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July 16, 2004

by Larry Mahnken

For Jose Contreras, it's do or die time. With Orlando Hernandez back from Columbus, Kevin Brown on the way back, and rumors about some sort of Unit of Unusual Size being perhaps available for trade, Contreras needs to start pitching really, really well.

If he pitches okay, that will help the Yankees win, but it won't instill confidence in his ability to keep pitching okay. He needs to completely turn it around to if he wants people to forget his first half 5.64 ERA. Facing the Detroit Tigers, who have been one of the best hitting teams in baseball so far, he had his hands full.

He didn't do himself any favors to start off, walking the leadoff batter on five pitches -- the only strike being a foul ball on a pitch out of the strike zone.

But that would be the only walk Contreras would give up, and he'd go on to strike out seven in giving up only 1 run in 8 innings. Contreras had exactly the type of start he needs to save his season and career in pinstripes, and never was he more impressive than when he struck out the side after giving up a leadoff triple to Dimitri Young, and didn't allow the run to score.

His opponent, Jeremy "Chall" Bonderman (There's an inside joke for long-time RLYW readers...) and the Detroit bullpen held the Yankees to only five hits. But all five of them landed on the happy side of the fence, one each for Lofton, Jeter, Matsui, and two for the Inanimate Carbon-Rod. It wasn't the most balanced offensive attack, but it was more than good enough, and the Yankees won 5-1.

Over the All-Star break, Randy Johnson rumors shitfted away from the Bronx somewhat more towards Beantown (despite the fact that Arizona still hasn't put Johnson on the market).  The Boston rumors involve Nomar Garciaparra going to a contending team, which is certainly a bargaining chip the Yankees are incapable of matching, but if that's the trade, I've gotta say I don't mind Boston making it.  Yeah, Johnson/Schilling/Pedro would be a killer rotation in the postseason, but if Boston's giving up Nomar, I think that hurts their chances of making the postseason.  And they probably won't be able to keep Pedro next year, either--and they'll have a very talented, but very old front of the rotation next season.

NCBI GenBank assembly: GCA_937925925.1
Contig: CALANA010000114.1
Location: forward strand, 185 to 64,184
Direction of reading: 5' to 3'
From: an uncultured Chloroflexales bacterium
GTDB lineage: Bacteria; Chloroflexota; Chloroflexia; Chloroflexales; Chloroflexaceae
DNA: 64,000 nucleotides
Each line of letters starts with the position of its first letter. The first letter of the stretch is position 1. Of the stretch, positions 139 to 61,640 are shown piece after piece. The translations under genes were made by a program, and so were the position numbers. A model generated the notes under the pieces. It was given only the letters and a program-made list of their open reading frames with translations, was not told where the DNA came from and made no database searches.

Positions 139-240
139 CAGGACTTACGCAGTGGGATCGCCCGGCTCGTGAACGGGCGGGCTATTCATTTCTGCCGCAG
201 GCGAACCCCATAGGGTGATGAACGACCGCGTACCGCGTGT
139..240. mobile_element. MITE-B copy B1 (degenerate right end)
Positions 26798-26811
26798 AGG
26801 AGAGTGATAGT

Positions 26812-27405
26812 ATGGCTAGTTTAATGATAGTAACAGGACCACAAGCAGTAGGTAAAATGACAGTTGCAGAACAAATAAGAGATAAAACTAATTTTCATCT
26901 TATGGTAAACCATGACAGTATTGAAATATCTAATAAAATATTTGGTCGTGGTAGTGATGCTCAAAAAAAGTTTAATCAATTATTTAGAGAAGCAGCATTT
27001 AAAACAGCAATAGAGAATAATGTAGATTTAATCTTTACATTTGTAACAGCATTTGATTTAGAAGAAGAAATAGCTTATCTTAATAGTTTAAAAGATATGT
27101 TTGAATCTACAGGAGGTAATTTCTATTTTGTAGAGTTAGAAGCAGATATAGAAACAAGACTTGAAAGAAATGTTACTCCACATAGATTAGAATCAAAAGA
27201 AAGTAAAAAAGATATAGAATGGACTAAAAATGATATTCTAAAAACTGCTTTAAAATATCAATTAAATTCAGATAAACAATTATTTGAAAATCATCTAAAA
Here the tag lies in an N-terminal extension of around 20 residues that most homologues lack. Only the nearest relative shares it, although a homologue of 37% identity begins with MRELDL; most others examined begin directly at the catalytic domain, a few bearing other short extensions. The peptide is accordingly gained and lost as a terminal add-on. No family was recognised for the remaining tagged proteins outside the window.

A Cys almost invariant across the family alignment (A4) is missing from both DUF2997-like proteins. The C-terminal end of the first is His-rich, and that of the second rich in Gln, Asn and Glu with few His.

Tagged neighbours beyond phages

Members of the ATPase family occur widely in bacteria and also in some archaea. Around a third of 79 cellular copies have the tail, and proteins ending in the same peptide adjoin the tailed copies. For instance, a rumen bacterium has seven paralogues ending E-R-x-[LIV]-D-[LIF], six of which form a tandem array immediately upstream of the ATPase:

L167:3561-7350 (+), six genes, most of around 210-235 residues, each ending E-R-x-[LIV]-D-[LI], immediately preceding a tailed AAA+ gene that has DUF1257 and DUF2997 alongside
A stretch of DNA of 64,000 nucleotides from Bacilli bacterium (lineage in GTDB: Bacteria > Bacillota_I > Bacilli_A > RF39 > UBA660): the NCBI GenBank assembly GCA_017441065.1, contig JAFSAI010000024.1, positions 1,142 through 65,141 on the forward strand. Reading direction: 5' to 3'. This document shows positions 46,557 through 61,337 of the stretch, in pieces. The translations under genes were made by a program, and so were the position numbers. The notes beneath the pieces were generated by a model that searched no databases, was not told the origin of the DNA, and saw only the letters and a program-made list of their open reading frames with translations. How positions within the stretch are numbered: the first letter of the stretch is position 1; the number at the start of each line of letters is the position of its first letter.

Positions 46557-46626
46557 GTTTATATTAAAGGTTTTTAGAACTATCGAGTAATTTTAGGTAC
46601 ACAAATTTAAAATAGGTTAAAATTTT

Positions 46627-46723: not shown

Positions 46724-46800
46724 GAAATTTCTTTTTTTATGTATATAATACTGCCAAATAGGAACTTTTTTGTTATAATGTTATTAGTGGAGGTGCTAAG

Now, the immediate reaction to the rumors of Johnson going to the Yankees was hositility towards the Yanks and Yankee fans.  Such a sense of entitlement!  How dare we pursue another superstar!  The Yankees already have enough, and they already spend enough.
And while the Yankees are the most talent-laden team in baseball, the difference between them and their nearest competitors isn't nearly as large as the standings might make one believe.  If Boston was to add Randy Johnson for the right price (i.e., less than Nomar), I think it might make them better than the Yankees.  The same might be true for other teams, as well.
I've said many times before that the point of assembling a baseball team isn't to have "enough" talent, it's to win the World Series.  It doesn't matter how many you've won in the past, the point is to win going forward.
To win the World Series, you have to try and field the best team within your means (and if you really think this is the year, perhaps a bit beyond your means).  If the Yankees have the opportunity to accquire Randy Johnson, why shouldn't they?  Because other teams are more worthy of having a great player than the Yankees?
What a sense of entitlement you have!  Go Cheney yourself.